Adaptation and mitigation

To address the challenges associated with climate change, two key areas are used: adaptation and mitigation. “According to the assessment of the International Panel of Experts on Climate Change (IPCC), once the climate change process is launched, its consequences cannot be prevented. Therefore, for minimal losses due to the impacts of climate change, mankind needs to adapt to new living conditions”, Zhanna explained. The second area, mitigation or climate change mitigation, is mainly associated with a reduction in carbon emissions.

Zhanna explained that in Central Asia, the countries are already undertaking a number of activities at various levels, both on adaptation to climate change and on mitigating its effects. “However, countries have a developing or transitional economy. Therefore, the main barrier is the lack or scarceness of financial resources to ensure adaptation measures and reduce emissions.  In this regard, the global community, in the framework of the Paris Agreement, came to a common opinion on the financial support of developing countries to solve problems related to climate change”, added Zhanna Babagaliyeva.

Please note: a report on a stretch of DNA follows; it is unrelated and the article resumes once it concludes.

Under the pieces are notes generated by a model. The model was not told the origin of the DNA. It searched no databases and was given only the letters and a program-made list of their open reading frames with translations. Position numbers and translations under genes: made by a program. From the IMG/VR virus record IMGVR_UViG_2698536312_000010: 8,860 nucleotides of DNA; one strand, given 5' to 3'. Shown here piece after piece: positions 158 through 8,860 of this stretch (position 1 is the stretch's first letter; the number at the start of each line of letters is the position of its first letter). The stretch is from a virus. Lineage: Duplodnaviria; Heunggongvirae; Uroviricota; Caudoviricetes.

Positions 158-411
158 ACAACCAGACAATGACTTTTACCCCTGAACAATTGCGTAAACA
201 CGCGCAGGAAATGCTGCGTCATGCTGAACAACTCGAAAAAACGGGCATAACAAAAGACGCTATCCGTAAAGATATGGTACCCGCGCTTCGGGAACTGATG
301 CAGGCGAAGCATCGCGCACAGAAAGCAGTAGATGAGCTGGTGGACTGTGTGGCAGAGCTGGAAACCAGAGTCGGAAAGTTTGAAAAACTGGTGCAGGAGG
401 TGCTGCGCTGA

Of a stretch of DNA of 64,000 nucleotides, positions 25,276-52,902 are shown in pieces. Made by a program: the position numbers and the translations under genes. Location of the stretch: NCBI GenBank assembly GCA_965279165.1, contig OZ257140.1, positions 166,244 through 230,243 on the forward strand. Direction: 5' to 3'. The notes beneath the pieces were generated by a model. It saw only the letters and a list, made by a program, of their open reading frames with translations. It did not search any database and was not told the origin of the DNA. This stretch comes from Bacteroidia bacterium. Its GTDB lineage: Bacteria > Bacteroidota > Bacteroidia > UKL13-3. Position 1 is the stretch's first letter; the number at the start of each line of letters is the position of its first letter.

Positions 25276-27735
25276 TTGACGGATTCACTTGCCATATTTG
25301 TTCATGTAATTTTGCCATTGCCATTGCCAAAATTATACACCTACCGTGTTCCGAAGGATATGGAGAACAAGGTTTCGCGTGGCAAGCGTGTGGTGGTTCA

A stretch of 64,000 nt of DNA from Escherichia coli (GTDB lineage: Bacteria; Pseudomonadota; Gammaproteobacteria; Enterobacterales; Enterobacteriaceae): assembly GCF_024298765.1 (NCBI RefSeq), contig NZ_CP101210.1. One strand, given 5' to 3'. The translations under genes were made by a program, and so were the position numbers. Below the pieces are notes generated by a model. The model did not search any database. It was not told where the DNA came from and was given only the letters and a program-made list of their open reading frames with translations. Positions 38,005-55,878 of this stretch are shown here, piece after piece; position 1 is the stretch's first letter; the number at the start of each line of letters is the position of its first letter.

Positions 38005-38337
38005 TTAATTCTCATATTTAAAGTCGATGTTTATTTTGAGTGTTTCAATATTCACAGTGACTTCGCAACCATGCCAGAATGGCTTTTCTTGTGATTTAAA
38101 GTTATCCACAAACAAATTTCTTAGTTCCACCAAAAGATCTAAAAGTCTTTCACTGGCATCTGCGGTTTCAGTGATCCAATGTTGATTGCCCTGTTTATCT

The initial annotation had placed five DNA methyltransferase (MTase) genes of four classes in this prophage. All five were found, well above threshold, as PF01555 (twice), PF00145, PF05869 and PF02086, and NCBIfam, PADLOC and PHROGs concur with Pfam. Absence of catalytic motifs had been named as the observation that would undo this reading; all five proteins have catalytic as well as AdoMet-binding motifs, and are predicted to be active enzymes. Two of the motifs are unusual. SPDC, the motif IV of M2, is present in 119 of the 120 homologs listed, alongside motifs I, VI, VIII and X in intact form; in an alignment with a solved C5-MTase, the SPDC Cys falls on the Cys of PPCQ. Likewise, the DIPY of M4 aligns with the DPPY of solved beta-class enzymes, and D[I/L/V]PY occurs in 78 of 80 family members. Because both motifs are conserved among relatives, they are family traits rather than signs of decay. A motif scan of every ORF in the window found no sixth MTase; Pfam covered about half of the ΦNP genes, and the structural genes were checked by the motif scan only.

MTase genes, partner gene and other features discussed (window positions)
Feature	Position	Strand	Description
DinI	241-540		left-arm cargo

According to Zhanna, in addition to funding, there are other barriers that impede the process of developing and implementing adaptation and mitigation measures. First of all, there is low public awareness and low potential of qualified personnel in the region. “For example, until today, all the hydrometric services of Central Asia used a mechanical method for forecasting meteorological, climatic and hydrological processes. Countries began to study and implement automated modelling for better and more timely forecasting, the standard procedure in the world, only two years ago”, said Zhanna. 

Regarding mitigation, Central Asian countries use various mechanisms. For example, Kazakhstan uses an emission trading system that encourages producers to reduce greenhouse gas emissions and invest in so-called “green technologies”. Also, in all countries of the region, mechanisms are used to improve energy efficiency.

If we talk about adaptation, specific mechanisms do not apply. Each country has its own approach. These are mainly adaptation strategies that are based on adaptation measures for various sectors of the economy.  “Most of the adaptation measures are aimed at agriculture: rational use of irrigation water (drip irrigation, sprinklers), identification and introduction of varieties of crops resistant to drought and soil salinization, and other similar measures”, said Zhanna.

During the session, “The impact of Climate Change in the Global and Regional Context”, information on expected climate change trends will be presented, and the necessary joint measures will be discussed. The session will be supplemented by the latest scientific data on climate change and information on measures taken in Central Asia.

  Back to the list